Process Engineering of Biopharmaceutical Production in Moss Bioreactors via Model-Based Description and Evaluation of Phytohormone Impact

Front Bioeng Biotechnol. 2022 Feb 17;10:837965. doi: 10.3389/fbioe.2022.837965. eCollection 2022.


The moss Physcomitrella is an interesting production host for recombinant biopharmaceuticals. Here we produced MFHR1, a synthetic complement regulator which has been proposed for the treatment of diseases associated to the complement system as part of human innate immunity. We studied the impact of different operation modes for the production process in 5 L stirred-tank photobioreactors. The total amount of recombinant protein was doubled by using fed-batch or batch compared to semi-continuous operation, although the maximum specific productivity (mg MFHR1/g FW) increased just by 35%. We proposed an unstructured kinetic model which fits accurately with the experimental data in batch and semi-continuous operation under autotrophic conditions with 2% CO2 enrichment. The model is able to predict recombinant protein production, nitrate uptake and biomass growth, which is useful for process control and optimization. We investigated strategies to further increase MFHR1 production. While mixotrophic and heterotrophic conditions decreased the MFHR1-specific productivity compared to autotrophic conditions, addition of the phytohormone auxin (NAA, 10 µM) to the medium enhanced it by 470% in shaken flasks and up to 230% and 260%, in batch and fed-batch bioreactors, respectively. Supporting this finding, the auxin-synthesis inhibitor L-kynurenine (100 µM) decreased MFHR1 production significantly by 110% and 580% at day 7 and 18, respectively. Expression analysis revealed that the MFHR1 transgene, driven by the Physcomitrella actin5 (PpAct5) promoter, was upregulated 16 h after NAA addition and remained enhanced over the whole process, whereas the auxin-responsive gene PpIAA1A was upregulated within the first 2 hours, indicating that the effect of auxin on PpAct5 promoter-driven expression is indirect. Furthermore, the day of NAA supplementation was crucial, leading to an up to 8-fold increase of MFHR1-specific productivity (0.82 mg MFHR1/g fresh weight, 150 mg accumulated over 7 days) compared to the productivity reported previously. Our findings are likely to be applicable to other plant-based expression systems to increase biopharmaceutical production and yields.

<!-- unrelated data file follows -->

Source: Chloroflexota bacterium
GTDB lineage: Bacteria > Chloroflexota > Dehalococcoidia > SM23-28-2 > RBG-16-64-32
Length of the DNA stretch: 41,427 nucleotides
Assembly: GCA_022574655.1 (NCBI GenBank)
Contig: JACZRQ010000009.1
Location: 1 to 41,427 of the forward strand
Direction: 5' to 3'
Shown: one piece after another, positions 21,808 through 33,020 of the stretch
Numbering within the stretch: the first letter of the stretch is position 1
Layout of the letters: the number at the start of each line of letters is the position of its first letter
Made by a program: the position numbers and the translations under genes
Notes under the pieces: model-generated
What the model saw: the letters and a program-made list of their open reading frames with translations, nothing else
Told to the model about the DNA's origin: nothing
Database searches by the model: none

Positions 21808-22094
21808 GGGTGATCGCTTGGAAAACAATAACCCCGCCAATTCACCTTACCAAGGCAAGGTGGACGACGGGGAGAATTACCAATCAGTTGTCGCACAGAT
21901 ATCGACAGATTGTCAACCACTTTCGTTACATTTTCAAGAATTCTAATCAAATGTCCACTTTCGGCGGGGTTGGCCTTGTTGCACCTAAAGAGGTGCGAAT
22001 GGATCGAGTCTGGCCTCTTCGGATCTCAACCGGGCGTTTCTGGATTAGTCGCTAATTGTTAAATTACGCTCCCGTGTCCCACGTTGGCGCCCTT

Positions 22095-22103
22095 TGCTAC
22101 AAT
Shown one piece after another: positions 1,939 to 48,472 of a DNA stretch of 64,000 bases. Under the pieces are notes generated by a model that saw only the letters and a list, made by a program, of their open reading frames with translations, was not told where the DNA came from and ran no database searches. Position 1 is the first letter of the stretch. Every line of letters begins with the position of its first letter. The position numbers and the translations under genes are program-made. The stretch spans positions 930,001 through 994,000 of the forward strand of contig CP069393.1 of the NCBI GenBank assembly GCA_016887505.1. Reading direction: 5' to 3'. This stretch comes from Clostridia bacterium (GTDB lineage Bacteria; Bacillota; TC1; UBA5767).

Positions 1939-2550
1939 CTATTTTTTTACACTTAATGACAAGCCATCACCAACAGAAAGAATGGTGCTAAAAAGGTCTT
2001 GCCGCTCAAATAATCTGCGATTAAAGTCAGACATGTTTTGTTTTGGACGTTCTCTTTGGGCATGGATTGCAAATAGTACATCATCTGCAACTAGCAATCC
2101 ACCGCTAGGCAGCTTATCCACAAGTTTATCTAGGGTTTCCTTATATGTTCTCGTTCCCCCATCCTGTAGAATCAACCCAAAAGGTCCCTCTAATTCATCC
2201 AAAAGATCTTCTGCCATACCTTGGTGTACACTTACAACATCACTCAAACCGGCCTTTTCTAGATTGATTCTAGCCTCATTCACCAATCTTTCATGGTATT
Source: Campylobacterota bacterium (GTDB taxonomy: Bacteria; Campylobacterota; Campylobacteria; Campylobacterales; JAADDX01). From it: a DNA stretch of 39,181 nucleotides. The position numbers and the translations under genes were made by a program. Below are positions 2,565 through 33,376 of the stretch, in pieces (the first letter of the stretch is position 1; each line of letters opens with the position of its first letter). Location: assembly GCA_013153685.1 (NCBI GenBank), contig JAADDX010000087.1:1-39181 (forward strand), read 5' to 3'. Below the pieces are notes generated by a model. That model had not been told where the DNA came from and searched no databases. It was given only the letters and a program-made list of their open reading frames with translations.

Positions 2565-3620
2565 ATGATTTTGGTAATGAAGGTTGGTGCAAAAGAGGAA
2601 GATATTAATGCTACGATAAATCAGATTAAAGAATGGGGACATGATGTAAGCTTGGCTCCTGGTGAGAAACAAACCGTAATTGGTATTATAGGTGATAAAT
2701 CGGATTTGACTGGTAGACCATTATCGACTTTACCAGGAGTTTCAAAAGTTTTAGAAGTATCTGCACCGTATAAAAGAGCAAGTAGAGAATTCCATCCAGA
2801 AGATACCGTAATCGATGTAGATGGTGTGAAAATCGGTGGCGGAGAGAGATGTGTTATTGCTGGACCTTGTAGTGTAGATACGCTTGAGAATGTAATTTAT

Keywords: MFHR1; Physcomitrella (Physcomitrium patens); complement factor H; growth kinetics; modelling; moss bioreactor; plant-based biopharmaceuticals; recombinant protein.